I can almost hear the clank and shudder of the machinery in the hulking, turn-of-the-century brick shed tucked onto a forgotten, cobbled stub of Hamilton Street — a stretch that, until very recently, there was not much cause to visit. This place is a sort of urban archaeological site, where evidence of the building's history, as a machine shop and later a food-packing plant, remains in the form of picturesquely crumbling brick and chipped plaster and exposed steel support structures.
Its current incarnation, as Love City Brewing, is, thankfully, its most visitor-friendly.
"There's a real industrial history, and we still use it for manufacturing. We're using it for its original purpose," said Melissa Walter, who opened the place in April with her husband, Kevin, a former Iron Hill brewer who decided to strike out on his own. (Melissa is a former therapist, which is theoretically good training for a bartender, though she mostly handles back-office work.) It was the building that sold them on this burgeoning neighborhood, which is often called Callowhill, but which newcomers such as the Walters tend to call by its Realtor-friendly rebrand, Spring Arts.
It took almost a year of renovations to repurpose the cavernous space, which was a mixed-martial-arts gym when they took it over — all drop ceilings and gym mats and stale sweat.
These days, hopheads crowd around the long, polished-wood bar or pitch darts at a board on one of the abundant, unfinished walls overlooking the shiny fermentation tanks and sampling brews.
In the case of Love City, the brews are meant to be accessible, including everything from lagers to stouts to (God forgive them) a pumpkin seasonal. The flagship is the Eraserhood — a hazy, juicy IPA whose popularity surpassed the Walters' expectations. "We call it Northeast-style IPA. I can't in good faith name something 'New England-style,'" Walter said. Because, Tom Brady.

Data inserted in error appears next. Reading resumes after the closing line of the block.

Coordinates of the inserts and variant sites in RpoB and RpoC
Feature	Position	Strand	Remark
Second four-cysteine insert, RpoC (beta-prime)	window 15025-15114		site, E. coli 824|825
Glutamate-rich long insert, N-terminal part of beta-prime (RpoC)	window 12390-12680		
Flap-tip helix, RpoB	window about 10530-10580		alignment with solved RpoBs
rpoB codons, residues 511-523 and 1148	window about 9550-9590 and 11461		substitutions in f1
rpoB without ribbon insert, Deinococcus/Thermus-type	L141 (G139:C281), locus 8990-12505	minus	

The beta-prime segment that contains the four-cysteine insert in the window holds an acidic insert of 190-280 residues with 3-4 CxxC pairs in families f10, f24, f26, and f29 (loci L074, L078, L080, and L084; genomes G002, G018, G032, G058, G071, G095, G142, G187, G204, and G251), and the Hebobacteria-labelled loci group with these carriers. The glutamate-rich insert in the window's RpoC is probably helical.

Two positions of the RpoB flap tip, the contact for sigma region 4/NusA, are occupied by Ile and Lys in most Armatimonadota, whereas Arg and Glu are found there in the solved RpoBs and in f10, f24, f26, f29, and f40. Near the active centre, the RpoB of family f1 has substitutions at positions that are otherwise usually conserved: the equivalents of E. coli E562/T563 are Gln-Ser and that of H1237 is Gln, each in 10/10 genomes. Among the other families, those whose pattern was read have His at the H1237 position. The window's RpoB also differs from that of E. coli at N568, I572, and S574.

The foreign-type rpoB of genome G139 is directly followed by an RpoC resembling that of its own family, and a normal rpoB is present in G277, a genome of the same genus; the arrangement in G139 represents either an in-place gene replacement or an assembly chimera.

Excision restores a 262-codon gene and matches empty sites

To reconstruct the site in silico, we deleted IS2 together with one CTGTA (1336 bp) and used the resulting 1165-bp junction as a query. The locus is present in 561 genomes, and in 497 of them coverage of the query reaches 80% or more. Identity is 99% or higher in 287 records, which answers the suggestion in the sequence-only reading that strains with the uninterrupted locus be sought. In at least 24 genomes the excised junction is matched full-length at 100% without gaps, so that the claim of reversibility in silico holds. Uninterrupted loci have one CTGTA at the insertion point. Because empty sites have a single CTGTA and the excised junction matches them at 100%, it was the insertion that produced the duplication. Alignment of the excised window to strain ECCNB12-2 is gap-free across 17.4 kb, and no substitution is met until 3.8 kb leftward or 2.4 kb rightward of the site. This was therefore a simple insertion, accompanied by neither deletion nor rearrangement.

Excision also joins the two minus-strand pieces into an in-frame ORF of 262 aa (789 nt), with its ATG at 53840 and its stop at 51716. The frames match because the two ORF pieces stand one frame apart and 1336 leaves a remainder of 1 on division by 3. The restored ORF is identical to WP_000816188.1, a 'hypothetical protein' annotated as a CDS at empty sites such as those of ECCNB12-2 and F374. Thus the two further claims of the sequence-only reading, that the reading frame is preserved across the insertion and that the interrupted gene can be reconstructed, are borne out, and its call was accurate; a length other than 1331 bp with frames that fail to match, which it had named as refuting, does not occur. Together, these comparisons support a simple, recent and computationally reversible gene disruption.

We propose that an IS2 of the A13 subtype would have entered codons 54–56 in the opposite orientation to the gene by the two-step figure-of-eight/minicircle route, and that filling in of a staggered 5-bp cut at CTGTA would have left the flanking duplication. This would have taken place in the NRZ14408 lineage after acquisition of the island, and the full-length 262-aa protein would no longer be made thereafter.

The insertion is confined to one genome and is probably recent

Under recently reformed state liquor laws, they're able to offer a full bar as long as it's all Pennsylvania wine, spirits and beers. The most dangerous offering (sobriety-wise) is probably a "boilermaker flight," a $12 sampler of three shots of liquor accompanying three 5-ounce beer chasers. I opt for the Love Dog, a cocktail made with IPA, Philly-made Rowhouse gin and grapefruit juice; it's pleasantly tart and refreshing once I get past the inexplicable salt rim.
The food menu here is scant, though a rotating crew of food trucks pull right up inside, bringing, alternately, burgers, barbecue, sushi or ramen. Or, customers are welcome to bring in takeout, such as the excellent tacos from El Purepecha just down the street, and set the Styrofoam containers right on the bar.
"It created a destination: it's the new Brewerytown," said Melissa — who then, considering those are fighting words, carefully walked it back. "It's like, possibly, a second Brewerytown."
1023 Hamilton St., Philadelphia, 215-398-1900, lovecitybrewing.com
When to go: It's a babies-and-beers scene on weekend afternoons, with a livelier (and older) crowd as the day wears on. It's open 4 p.m. to midnight, Monday through Friday, and noon to midnight on weekends.
Bring: Your date to a show at Union Transfer around the corner, or anyone who refuses to go to a bar with fewer than three IPAs on the menu.
What to order: My favorite is the Unity IPA, which is balanced and slightly citrusy — but go for a flight of four pours ($8) to choose yours.
Bathroom situation: A hallway of narrow stalls, each with its own unique (and, in some cases, nightmarish) artwork, plus one of those awkward communal trough sinks. There are also baby-changing tables (see: when to go).
Sounds like: On my visit, a noisy 92 decibels of what appeared to be a Clash greatest-hits album playing start to finish.